The acronym TPLO stands for tibial plateau leveling osteotomy. This is a surgical procedure performed on dogs who have suffered from a cranial cruciate ligament (CCL) tear, which is very similar to a human's anterior cruciate ligament (ACL). The CCL is an important stabilizing structure in your dog's knee which assists in preventing their thigh bone from sliding forward. When the CCL ligament is damaged, it can lead to pain, swelling, arthritis, limping, and loss of mobility due to the instability created within the knee joint.
During the procedure, the surgeon will start by removing the torn pieces of the ligament and make sure that the meniscus (a piece of cartilage in the knee that is commonly injured at the same time as the CCL) is intact and healthy. Next, the surgeon will stabilize the knee by flattening the slope tibia (or leg bone). This is accomplished by cutting the tibia and rotating the bone. The two segments of bone are stabilized with a metal plate and screws, and over the course of a few months, the bones will heal, resulting in a stable knee and pain-free movement.
What Is the Success Rate of a TPLO?
While this surgery sounds invasive - it has been well studied and is one of the most common orthopedic surgeries performed on pets. Most pets recover well and are able to get back to their normal activities once they have completely healed.
Why Is Rehabilitation Recommended after a TPLO?
Rehab is a critical component for helping your dog recover from a CCL injury. Once your dog has ruptured their CCL, studies show that even with immediate surgery, the affected leg can start to lose muscle mass within 2 weeks of injury. When a dog is unable to place full weight on the injured leg, this can lead to compensatory problems in other areas of their body due to overuse, such as muscle soreness and reduced range of motion in their joints. Physical rehabilitation and therapy are geared towards:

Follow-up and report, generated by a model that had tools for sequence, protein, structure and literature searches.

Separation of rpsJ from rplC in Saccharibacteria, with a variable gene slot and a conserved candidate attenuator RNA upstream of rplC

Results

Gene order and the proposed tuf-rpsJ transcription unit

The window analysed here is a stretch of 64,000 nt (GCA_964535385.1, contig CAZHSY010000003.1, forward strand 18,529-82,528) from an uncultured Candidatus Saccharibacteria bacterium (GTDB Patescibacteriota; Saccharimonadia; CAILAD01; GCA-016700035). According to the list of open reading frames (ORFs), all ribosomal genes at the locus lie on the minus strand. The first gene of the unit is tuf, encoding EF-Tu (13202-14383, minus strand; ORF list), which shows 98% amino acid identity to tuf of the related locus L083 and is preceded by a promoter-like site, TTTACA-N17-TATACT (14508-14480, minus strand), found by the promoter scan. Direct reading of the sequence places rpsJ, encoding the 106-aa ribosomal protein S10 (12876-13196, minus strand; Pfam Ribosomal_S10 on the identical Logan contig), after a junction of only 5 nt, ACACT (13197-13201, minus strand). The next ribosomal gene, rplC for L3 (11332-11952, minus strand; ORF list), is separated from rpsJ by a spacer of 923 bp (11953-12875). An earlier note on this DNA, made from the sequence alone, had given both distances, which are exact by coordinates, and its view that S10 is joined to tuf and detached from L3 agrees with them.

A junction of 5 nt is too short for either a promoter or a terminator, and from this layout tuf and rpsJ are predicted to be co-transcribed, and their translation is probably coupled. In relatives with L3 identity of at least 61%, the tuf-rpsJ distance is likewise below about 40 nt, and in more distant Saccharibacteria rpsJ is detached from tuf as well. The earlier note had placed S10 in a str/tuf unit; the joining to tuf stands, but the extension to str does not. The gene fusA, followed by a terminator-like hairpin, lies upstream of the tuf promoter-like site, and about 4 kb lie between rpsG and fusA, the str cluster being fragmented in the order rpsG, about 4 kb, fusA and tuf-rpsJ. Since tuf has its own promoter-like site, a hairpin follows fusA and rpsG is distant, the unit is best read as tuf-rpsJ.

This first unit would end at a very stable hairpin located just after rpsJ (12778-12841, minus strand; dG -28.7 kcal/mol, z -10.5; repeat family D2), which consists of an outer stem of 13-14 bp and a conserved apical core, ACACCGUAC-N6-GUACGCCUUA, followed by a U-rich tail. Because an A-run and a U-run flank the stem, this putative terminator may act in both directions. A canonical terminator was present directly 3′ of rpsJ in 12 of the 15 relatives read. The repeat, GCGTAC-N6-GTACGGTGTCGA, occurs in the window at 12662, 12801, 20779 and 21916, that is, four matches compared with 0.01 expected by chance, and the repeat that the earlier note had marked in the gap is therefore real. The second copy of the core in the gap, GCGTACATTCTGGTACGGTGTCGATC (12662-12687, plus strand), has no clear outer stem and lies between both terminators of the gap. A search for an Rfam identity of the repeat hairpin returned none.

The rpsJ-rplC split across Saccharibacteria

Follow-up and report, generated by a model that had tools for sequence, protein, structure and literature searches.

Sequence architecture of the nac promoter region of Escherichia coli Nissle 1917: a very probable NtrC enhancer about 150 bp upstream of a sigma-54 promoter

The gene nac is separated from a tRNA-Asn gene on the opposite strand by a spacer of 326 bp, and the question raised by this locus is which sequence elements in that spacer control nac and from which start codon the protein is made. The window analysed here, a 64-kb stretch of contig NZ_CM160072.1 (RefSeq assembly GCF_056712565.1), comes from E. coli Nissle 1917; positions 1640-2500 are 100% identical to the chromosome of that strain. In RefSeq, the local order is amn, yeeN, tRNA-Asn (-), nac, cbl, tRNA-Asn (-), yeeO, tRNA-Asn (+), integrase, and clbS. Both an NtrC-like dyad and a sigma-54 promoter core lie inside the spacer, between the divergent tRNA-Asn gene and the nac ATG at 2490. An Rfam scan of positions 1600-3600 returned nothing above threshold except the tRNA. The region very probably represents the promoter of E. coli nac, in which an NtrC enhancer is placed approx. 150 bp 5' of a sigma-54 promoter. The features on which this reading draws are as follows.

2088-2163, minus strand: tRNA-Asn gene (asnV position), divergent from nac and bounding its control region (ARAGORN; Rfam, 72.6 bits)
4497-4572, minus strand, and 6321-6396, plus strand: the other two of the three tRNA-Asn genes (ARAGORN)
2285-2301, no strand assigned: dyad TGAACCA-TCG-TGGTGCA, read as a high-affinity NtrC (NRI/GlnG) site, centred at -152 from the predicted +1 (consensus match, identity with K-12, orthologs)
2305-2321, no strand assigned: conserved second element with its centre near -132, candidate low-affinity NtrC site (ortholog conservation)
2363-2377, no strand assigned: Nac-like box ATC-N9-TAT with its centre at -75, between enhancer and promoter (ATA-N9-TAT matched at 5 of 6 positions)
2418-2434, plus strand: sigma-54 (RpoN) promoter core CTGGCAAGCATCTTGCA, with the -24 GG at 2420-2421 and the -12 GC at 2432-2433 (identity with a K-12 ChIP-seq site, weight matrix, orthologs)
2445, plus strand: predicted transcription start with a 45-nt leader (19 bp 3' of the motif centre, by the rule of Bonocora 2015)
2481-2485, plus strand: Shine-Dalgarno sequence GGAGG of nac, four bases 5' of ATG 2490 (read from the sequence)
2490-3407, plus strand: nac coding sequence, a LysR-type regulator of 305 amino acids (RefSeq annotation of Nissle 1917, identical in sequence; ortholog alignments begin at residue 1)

- Reducing pain and inflammation
- Restoring normal motion
- Decreasing the probability of secondary injuries from occurring
- Improving strength and muscle mass in the surgical leg
My Surgeon Gave Me Exercises For My Pet for Post Operative Care. Why Would They Also Need Rehabilitation?
We love when surgeons provide you with the fundamental tools to get started with therapy immediately after surgery! However, each pet as an individual may have coinciding health conditions and/or pain in different areas of their body which needs to be addressed to ensure their best recovery. At Pawsitive Strides, Dr. Peterson is able to create a rehabilitation program specifically tailored to your pet's needs and prescribes exercises depending on their ability and current health condition. Her highly trained rehabilitation staff can also utilize massage and a wide variety of other modalities to alleviate your pet's particular areas of pain or discomfort.
Does your pet need help with TPLO recovery? We've got you covered! Give us a call at 515-575-9655 to schedule your initial consultation today.